ISSN (Print) - 0012-9976 | ISSN (Online) - 2349-8846

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The Worrisome Business of a National Investment Board

While the National Investment Board is supposed to speed up economic growth, it raises questions about the environment, livelihoods of marginalised people, existing legislations for wildlife and forest conservation and interrelations between the centre and the states since forestland comes under both central and state laws. Disguised as an opposition to red tape this is a sinister agenda to circumvent India's democratic process to favour short-sighted economic gains.

The proposed constitution of the National Investment Board (NIB) has raked up controversies on multiple fronts. The NIB is envisaged as a sure-shot way to deal with the red tape in environmental clearances that supposedly chokes the much-needed growth of the Indian economy. By circumventing the entire process, India’s Finance Minister P Chidambaram and Prime Minister Manmohan Singh have launched an apparent blitzkrieg against environmental regulations that pose impediments to clearing big businesses and infrastructure projects. Coming out strongly against the “delay” caused by the ministries like those in charge of environment and forests to clearing developmental projects, Chidam­baram minced no words in essentially declaring that if the ministries did not provide a quick and clean go-ahead to these vital economic investments, the NIB would expedite the clearance process, regardless of dissent from any other government body. The implicit understanding: Big projects should be cleared. And if the ministries do not clear them, then the NIB will.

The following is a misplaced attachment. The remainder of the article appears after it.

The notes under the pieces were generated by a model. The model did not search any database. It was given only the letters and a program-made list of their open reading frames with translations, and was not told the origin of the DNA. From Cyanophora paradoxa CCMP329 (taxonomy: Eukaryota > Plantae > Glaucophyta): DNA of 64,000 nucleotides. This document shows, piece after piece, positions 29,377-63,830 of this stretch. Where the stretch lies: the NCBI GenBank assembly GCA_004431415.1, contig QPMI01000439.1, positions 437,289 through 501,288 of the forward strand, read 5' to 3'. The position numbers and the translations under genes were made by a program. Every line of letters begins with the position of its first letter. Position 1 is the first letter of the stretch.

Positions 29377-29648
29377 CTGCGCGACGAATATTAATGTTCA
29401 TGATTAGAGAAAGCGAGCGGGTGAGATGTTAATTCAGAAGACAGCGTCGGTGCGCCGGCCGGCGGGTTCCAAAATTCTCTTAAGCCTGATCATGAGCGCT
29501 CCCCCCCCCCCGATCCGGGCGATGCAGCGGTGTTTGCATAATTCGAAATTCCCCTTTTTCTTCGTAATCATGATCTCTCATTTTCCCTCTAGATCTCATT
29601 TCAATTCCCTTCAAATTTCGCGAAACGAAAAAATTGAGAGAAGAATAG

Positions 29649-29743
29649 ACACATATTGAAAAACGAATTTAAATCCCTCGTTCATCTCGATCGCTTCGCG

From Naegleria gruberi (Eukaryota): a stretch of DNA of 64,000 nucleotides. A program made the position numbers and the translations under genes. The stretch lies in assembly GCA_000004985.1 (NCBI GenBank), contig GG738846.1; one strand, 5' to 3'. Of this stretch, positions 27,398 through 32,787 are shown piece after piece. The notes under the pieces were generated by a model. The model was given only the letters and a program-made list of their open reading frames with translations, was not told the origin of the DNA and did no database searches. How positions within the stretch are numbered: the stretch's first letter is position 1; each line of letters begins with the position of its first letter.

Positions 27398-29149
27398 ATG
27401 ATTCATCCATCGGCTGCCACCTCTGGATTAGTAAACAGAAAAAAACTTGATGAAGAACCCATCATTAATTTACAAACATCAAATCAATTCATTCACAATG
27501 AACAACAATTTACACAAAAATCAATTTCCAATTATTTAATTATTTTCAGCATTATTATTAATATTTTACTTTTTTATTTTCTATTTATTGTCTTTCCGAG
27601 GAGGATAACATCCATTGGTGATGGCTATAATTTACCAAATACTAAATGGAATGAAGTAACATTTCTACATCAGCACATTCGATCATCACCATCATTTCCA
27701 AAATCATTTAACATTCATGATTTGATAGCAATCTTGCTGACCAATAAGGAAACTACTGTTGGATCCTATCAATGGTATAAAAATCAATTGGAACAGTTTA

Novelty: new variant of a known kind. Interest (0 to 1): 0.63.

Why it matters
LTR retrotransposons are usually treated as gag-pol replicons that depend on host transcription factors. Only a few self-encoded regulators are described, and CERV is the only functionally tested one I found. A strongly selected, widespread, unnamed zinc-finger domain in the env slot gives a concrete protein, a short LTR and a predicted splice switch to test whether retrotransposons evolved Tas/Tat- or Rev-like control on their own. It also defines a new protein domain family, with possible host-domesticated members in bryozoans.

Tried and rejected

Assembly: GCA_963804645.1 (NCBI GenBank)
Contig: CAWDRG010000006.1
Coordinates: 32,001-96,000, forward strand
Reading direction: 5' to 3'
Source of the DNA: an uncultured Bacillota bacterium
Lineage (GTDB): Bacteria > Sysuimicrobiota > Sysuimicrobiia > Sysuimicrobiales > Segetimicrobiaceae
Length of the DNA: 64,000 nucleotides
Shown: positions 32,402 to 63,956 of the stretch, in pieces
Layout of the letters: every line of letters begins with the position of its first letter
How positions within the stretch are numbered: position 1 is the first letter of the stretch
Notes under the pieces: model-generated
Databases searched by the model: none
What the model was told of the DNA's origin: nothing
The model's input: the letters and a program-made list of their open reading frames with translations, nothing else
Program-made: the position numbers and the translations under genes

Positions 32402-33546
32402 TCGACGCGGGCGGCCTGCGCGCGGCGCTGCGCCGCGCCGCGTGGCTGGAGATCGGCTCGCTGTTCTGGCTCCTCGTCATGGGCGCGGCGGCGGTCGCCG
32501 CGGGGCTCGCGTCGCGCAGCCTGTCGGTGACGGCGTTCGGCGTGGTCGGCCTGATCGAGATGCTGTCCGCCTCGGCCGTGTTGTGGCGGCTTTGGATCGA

Minister of Environment and Forests Jayanthi Natarajan has challenged this proposal, and with good reason (Singh 2012). In an excellently argued letter to the prime minister (India Today 2012), she cogently outlined why the NIB runs contrary to existing laws and judicial precedents, and infringes upon the domains of other ministries. Minister for tribal affairs and panchayati raj, Kishore Chandra Deo although more circumspect, expressed concern that the NIB would violate the Forest Rights Act (2006), further marginalising scheduled tribes (STs) and forest dwellers. The dissent from these ministries is welcome, commendable, and in keeping with the spirit of Indian democracy, that has been lauded time and again (Guha 2007). But at the same time, the dissent from these ministries should come as no surprise – so ad hoc and arbitrary is the proposal for the NIB.

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